Several tech bloggers received a notice this morning that Twtapps, a suite of - you guessed it - applications developed around Twitter, was for sale. Twtapps' solo founder and developer Felipe Coimbra cited insufficient resources and a desire to develop new apps as the reason for the sale.

We asked a few questions about the state of the suite, including how much money he's asking for, how the suite was monetized, how many users he'd seen so far, which apps had gained the most traction, and how life as a third-party Twitter app developer had been for him. Read his answers and more below.

As of today, about 83,000 Twitter users have used at least one of the Twtapps to create polls, look for a job, organize an event, or create a Twitter-friendly digital business card. Twtpoll, which Coimbra says is the largest Twitter poll and survey app, has recorded 1.6 million anonymous votes.

As far as monetization is concerned, Coimbra sounds as though he's been so busy with development that he somewhat missed the boat. "There are still a lot of opportunities that I haven't had time to explore," he wrote.

"At the moment, we only provide a branded version of the poll, invitation, business card, etc. There's no fixed amount for this service; we leave it up to the user to decide how much they think the service is worth to them. Twtapps generates enough to pay for all of the costs associated with maintaining its sites."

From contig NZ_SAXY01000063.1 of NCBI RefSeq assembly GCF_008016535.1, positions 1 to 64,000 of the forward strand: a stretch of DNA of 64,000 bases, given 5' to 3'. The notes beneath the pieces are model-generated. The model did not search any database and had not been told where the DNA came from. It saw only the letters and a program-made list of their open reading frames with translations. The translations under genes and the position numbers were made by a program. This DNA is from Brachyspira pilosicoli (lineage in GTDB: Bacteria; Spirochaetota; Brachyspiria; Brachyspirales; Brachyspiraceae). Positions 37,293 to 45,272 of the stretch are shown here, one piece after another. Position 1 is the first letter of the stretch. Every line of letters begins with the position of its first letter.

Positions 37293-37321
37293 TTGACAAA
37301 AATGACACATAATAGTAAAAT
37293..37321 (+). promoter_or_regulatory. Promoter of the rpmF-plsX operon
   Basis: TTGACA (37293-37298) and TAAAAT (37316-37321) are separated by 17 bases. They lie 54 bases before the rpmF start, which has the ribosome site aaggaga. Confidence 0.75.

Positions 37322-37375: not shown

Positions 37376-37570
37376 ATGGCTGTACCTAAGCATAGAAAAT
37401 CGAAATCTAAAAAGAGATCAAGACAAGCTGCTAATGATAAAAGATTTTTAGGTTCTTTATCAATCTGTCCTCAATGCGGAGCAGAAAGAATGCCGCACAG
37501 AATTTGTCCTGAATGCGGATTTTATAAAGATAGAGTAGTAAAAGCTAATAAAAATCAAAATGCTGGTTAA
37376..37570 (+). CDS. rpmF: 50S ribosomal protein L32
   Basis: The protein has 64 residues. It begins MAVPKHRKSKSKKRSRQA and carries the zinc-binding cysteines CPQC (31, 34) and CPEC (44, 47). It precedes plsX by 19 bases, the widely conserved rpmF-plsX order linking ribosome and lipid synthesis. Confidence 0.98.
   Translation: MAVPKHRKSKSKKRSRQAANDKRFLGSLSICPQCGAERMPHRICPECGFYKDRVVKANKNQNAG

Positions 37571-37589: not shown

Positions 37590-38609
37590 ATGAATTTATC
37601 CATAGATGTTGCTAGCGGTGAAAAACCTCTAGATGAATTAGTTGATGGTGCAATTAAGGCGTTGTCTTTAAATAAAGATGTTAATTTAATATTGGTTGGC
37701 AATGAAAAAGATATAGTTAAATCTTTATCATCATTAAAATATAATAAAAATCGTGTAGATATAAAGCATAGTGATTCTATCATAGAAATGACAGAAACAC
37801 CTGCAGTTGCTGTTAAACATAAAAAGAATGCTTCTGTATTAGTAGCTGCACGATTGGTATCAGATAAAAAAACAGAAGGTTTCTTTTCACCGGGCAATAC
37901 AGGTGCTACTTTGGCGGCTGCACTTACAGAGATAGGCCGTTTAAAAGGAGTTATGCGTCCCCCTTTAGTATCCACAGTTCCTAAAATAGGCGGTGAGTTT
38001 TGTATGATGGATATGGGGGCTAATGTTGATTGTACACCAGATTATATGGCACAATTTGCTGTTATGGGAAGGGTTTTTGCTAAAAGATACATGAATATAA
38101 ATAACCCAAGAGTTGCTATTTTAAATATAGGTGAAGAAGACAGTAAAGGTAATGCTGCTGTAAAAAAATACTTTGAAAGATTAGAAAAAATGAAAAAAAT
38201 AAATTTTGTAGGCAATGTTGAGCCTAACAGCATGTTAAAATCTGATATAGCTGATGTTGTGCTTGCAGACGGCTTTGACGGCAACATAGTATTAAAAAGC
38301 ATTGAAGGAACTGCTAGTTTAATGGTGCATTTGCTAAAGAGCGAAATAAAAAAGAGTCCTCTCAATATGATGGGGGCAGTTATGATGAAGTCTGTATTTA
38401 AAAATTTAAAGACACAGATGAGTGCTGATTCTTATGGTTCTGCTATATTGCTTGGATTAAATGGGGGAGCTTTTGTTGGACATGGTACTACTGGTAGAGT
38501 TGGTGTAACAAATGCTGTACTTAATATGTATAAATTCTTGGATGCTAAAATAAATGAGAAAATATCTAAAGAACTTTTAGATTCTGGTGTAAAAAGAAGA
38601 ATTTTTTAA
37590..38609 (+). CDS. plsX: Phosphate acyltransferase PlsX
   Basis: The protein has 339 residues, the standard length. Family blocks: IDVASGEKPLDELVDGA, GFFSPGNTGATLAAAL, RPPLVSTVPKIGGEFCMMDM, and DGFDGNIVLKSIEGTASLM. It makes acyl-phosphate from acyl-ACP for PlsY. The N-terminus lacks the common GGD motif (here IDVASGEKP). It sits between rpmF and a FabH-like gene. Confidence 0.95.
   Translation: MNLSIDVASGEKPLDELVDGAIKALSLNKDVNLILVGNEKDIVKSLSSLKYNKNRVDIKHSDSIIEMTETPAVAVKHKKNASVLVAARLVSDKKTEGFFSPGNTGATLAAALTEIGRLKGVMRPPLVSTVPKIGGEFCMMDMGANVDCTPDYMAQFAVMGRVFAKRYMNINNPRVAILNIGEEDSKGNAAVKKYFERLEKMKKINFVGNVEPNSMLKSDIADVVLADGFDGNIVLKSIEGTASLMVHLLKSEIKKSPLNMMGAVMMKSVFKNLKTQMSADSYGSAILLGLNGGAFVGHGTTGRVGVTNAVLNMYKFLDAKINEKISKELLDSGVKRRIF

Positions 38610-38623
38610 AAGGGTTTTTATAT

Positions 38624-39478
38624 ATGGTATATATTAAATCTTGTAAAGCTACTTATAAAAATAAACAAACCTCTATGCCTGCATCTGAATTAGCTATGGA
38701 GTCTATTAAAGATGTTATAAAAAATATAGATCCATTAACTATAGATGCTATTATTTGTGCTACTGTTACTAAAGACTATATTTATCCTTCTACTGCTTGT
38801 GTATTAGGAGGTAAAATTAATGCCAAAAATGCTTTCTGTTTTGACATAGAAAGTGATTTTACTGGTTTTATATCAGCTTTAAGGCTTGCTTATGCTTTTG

And how much would the suite cost an interested buyer? Coimbra, who has been working full-time on the app suite since January, values Twtapps at $500,000, based on his estimation of how much it would take for anyone to develop as many apps with as much traction, particularly his most popular apps, Twtpoll and Twtvite.

Next up, Coimbra plans to work on a real-time analytics tool with Twitter and Facebook integration. The app will act as a complement to Google Analytics or other non-real time analytics tools.

As far as his existence in the third-party universe is concerned, Coimbra's attitude suggests he neither lives nor dies by Twitter's success or failure. "The way I built Twtapps was so that it could be used in any other social media platform (although it's mainly based on Twitter), or even stand alone. So, if there's any major change, acquisition, or problems with Twitter, Twtapps can easily be modified to focus on another social media site or (if we have built enough user based) branch out indenpendently."

On his blog, Coimbra wrote. "This experience has been exciting and very hard for one person to manage, and I think there's a lot of opportunities being missed. So I have decided to pass on the projects to other companies who might have the resources to bring these projects to the next level."

So, what do RWW readers think: Is Twtapps worth half a million? Is monetization going to be a problem for potential buyers? Let us know your thoughts in the comments.